Democrats want to return the North Carolina Senate race back to a battle over the issues, as Republicans press to make the Democratic candidate’s mid-campaign extramarital affair the only issue of the race’s final weeks.
A handful of polls conducted since the revelation of text messages between former state Sen. Cal Cunningham (D) and a woman who isn’t his wife have shown him maintaining a lead over first-term Republican Sen. Thom Tillis (R). The most recent, released Wednesday by the New York Times and Siena College, found him ahead 41%-37%, with 15% undecided.
Republicans insist that the more voters know about the scandal, including that the Army Reserve officer is also now under a military investigation, the more likely Tillis wins. The campaign revealed internal polling Wednesday that it said showed the candidates tied among those who’ve heard of the scandal and Tillis up 3 percentage points with those who’ve read a lot about it.
Glen Bolger, Tillis’ pollster, conceded Tillis was down in late September but said the scandal and investigation “has made this a close race again.”
“The job of the Tillis campaign and his allies is to continue spotlighting all of the aspects of this,” Bolger wrote on Twitter, in a message aimed partially at supportive outside groups running TV ads in the state.
A half-dozen ads spotlighting the drama from GOP-aligned groups have already aired in the two weeks since the news broke.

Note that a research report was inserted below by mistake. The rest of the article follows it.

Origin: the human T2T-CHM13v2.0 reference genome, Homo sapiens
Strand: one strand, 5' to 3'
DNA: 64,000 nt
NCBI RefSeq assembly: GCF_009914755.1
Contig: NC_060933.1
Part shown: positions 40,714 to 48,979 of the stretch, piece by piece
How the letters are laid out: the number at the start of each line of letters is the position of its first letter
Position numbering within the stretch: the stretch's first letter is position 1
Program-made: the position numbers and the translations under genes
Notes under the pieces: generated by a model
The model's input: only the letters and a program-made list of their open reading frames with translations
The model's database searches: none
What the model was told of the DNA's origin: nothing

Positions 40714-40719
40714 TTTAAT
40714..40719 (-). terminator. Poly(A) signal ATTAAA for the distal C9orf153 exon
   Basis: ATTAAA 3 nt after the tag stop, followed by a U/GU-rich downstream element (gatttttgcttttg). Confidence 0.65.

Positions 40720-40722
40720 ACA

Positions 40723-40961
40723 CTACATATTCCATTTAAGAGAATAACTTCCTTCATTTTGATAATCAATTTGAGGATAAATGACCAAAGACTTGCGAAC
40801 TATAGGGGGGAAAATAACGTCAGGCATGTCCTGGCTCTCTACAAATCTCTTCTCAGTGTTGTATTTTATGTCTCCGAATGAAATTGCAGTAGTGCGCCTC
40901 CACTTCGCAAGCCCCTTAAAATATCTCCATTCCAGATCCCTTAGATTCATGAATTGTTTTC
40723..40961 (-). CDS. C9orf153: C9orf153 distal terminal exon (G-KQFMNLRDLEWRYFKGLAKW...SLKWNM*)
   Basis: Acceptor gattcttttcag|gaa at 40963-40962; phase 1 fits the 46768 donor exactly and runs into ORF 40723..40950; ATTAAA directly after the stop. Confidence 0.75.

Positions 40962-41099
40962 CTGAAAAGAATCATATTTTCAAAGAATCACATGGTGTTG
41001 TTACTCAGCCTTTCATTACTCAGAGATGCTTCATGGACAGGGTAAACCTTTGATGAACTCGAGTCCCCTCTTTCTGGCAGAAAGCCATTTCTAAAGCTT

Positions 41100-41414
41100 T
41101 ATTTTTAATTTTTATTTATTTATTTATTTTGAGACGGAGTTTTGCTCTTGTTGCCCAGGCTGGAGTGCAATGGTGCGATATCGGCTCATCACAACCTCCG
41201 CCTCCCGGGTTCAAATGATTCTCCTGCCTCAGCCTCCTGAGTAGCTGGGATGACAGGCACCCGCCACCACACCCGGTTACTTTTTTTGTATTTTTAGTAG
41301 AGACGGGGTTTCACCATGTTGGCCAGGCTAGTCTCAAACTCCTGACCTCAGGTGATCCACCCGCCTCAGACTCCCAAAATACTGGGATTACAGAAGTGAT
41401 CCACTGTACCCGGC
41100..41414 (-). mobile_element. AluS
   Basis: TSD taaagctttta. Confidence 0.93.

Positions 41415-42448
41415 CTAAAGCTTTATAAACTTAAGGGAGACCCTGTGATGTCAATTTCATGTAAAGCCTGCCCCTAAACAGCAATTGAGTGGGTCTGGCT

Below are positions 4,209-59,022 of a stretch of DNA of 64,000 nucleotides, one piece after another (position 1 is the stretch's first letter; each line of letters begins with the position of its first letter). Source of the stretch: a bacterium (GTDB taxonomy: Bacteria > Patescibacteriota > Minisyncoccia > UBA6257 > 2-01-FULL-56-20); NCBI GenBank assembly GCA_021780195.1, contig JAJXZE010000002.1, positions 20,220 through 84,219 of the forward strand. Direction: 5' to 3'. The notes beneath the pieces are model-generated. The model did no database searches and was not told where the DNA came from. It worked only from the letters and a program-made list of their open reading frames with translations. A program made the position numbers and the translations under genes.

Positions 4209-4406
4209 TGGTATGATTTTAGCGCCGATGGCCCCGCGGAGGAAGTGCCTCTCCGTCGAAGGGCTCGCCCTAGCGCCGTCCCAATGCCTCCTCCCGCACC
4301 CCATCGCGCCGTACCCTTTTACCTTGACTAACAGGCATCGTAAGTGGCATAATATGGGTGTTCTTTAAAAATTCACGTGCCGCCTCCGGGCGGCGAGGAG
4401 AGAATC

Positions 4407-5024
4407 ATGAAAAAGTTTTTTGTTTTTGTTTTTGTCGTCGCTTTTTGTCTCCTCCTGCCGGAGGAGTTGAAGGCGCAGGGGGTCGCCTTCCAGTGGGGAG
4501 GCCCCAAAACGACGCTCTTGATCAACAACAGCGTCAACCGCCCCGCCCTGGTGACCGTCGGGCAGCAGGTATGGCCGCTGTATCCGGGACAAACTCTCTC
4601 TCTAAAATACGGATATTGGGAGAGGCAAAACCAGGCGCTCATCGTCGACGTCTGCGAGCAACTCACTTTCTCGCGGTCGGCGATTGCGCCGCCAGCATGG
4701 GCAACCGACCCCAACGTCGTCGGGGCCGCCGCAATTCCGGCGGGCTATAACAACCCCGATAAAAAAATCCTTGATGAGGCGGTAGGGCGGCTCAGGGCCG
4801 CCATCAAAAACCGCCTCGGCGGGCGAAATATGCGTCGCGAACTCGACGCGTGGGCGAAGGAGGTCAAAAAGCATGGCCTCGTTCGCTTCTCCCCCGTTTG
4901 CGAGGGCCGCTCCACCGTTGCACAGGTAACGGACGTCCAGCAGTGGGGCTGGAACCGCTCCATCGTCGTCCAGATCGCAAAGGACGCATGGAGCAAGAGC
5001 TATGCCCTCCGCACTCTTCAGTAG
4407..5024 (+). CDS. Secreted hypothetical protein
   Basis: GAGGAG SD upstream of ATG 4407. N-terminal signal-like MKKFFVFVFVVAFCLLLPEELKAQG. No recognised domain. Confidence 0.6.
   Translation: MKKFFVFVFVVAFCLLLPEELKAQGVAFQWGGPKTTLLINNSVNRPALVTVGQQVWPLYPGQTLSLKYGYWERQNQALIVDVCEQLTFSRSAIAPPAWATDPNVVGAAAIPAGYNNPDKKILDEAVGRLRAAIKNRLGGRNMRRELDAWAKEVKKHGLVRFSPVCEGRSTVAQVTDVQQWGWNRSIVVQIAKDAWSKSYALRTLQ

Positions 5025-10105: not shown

Democrats are attempting to change the subject. A Democratic super PAC quickly launched an ad tying Tillis to “corruption” and “scandal,” while Cunningham released a TV ad this week urging voters — recently hit with new negative information about him — to “remember” that “health care is on the ballot,” and that “a vote for Cal Cunningham is a vote for health care.”
During a press call with reporters, Cunningham dodged multiple questions on whether he had other affairs. Cunningham campaign manager Devan Barber didn’t mention the affair in a memo released Tuesday and insisted “the fundamentals in this race continue to favor Cal.”
“Our race continues to be about the issues impacting North Carolinians, from health care to economic relief during COVID-19,” he said in an Oct. 13 memo. “That’s bad for Senator Tillis.”
The messages from both sides won’t matter for many voters. Nearly half a million voters have already cast their absentee ballots, according to the Secretary of State. As for the others, Western Carolina University political scientist Chris Cooper said voters in the state are as polarized as elsewhere in the country and likely to stick with their party regardless of the scandal, but that more revelations about the extent of Cunningham’s infidelity will make it difficult for the Democrats to sweep it aside.
“It’s too early to conclude that North Carolinians don’t care,” Cooper said. “But it’s not going to upend the race by itself.”
By the Numbers
Cunningham’s 4-point edge in the New York Times/Siena College poll matched Democratic presidential nominee Joe Biden’s lead over President Donald Trump. Other polls released Tuesday and Wednesday from Ipsos, Susquehanna Polling & Research, and Monmouth University found Cunningham up between 2 and 5 points.
The Monmouth and New York Times/Siena polls found Cunningham’s favorability dipped after the scandal. GOP strategist Dee Stewart said the news clashed with Cunningham’s curated image of an anti-corruption candidate with a military record, and that’s where Republicans see an opening.
“Many voters believe his actions undermine the central premise of his campaign,” Stewart said.
To contact the reporter on this story: Emily Wilkins in Washington at email@example.com